OPINION
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No debate, no vote?

The government’s refusal to accept parliamentary scrutiny is designed to keep the extent of Brussels’ bailout conditions out of the public eye

Having already relieved parliament of the task of debating and then voting on the conditions of the bailout for Spain's banks, Mariano Rajoy's government is now attempting to do the same thing by short-circuiting congressional debate on the strings attached to a new line of credit -- this time of a general nature.

In anticipation of the move, the Socialist Party is preparing a battery of protests, which may include an appeal to the Constitutional Court. This time, the opposition is saying that it is going to fight to the end, to prevent a disgraceful situation whereby other European parliaments (Germany, the Netherlands, etc.) are debating a document that affects the sovereignty of Spain, while the Spanish deputies themselves are kept in the dark.

The Popular Party's clear parliamentary majority renders the prime minister's position all the more inexplicable, because whatever set of conditions he negotiates with the Eurogroup will be easy to zip through the house. His refusal to bring the document before Congress and to accept a debate is not, then, due to any concerns about a possible defeat, but exclusively about a desire to keep the extent of the obligations imposed out of the public eye.

In the case of the previous bailout, debate was avoided by arguing that the deal did not involve an international treaty, which must be debated in parliament, but was rather a memorandum of understanding, a different formula that allows the government to dodge this requirement under certain conditions -- for example, the fact that it does not contain any cession of sovereignty.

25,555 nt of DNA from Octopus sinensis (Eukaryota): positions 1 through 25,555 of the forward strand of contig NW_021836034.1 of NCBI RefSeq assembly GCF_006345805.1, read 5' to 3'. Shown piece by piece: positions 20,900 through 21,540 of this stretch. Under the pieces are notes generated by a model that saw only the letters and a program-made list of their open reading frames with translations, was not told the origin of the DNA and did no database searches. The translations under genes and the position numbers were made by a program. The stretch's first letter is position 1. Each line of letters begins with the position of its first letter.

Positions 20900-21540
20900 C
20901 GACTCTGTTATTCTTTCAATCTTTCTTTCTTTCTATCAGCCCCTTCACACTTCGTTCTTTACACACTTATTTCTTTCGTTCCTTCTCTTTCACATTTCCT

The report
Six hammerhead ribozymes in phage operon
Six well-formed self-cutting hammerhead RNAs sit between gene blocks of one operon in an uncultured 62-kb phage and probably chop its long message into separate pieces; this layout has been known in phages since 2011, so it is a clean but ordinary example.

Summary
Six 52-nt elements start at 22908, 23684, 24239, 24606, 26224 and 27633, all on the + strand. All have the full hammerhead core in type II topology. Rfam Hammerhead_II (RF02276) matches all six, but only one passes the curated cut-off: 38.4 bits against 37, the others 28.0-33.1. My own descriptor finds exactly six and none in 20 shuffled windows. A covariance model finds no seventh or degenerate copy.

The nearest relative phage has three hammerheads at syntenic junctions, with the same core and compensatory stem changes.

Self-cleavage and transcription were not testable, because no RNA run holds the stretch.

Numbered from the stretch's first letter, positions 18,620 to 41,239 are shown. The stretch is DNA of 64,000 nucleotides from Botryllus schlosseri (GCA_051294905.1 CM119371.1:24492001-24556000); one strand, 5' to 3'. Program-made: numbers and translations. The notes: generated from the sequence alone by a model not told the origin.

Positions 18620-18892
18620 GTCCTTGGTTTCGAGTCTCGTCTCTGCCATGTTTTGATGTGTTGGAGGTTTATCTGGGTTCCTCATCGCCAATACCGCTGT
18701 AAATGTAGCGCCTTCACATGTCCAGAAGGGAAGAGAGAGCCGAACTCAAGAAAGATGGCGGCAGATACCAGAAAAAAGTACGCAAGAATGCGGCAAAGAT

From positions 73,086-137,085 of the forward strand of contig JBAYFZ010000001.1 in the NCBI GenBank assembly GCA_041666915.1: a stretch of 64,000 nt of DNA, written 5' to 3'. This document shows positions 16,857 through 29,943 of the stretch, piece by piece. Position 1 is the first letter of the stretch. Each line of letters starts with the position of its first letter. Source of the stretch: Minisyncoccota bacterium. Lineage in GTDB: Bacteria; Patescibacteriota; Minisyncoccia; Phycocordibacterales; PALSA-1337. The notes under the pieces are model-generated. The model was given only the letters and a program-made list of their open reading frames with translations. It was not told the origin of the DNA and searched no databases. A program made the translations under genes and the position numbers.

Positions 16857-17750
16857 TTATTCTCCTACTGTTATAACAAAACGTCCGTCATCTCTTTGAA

In the case of the previous bailout, debate was avoided by arguing that the deal did not involve an international treaty"

The Socialist Party claims that in this new case, it will not be possible to resort to a memorandum of understanding, because the obligations involved will affect Spanish sovereignty. "If the government goes on refusing to bring the document before Congress, it will be important to file an appeal with the Constitutional Court, so that it can be the judges who open the debate, and rule on whether it is possible to agree to the obligations that we believe it will contain, without debate in parliament," explains the Socialist leader, Alfredo Pérez Rubalcaba.

It is the Socialists' understanding that the government has attempted to have the new document considered an addendum to the previous MoU, but that the European Commission has rejected this possibility.

Right now, the Socialist Party is entangled in three regional electoral battles: Galicia, the Basque Country and Catalonia. It is the Galician vote that most likely worries them most -- not because of the results themselves, but due to the importance that the Socialists attach to wresting the clear majority from the PP, thus preventing a PP victory in Galicia from being interpreted as an endorsement of the PP's policy of cuts at the national level. Apart from the three elections, the Socialists are anxious to find forums of confrontation with the PP that are not exclusively related to protest in the streets.

The need to revitalize parliamentary life, and to denounce the government's attempts to evade the scrutiny of Congress, is one of these possible forums. Another would be the management of the so-called "bad bank," the entity that will end up in possession of large areas of land for construction, whether it's been built on or not.

The way in which these assets are appraised, and the manner in which this bank acts, will have important social repercussions, which the PSOE wishes to highlight in the eyes of the public. The repercussions may differ widely, according to the price at which the affected banks sell this real estate. "It will not be the same to hand the bad bank's assets over to sharp entrepreneurial managers, as to public managers," say prominent sources in the Socialist Party, adding that attracting public attention to these matters is a fundamental task of the opposition.

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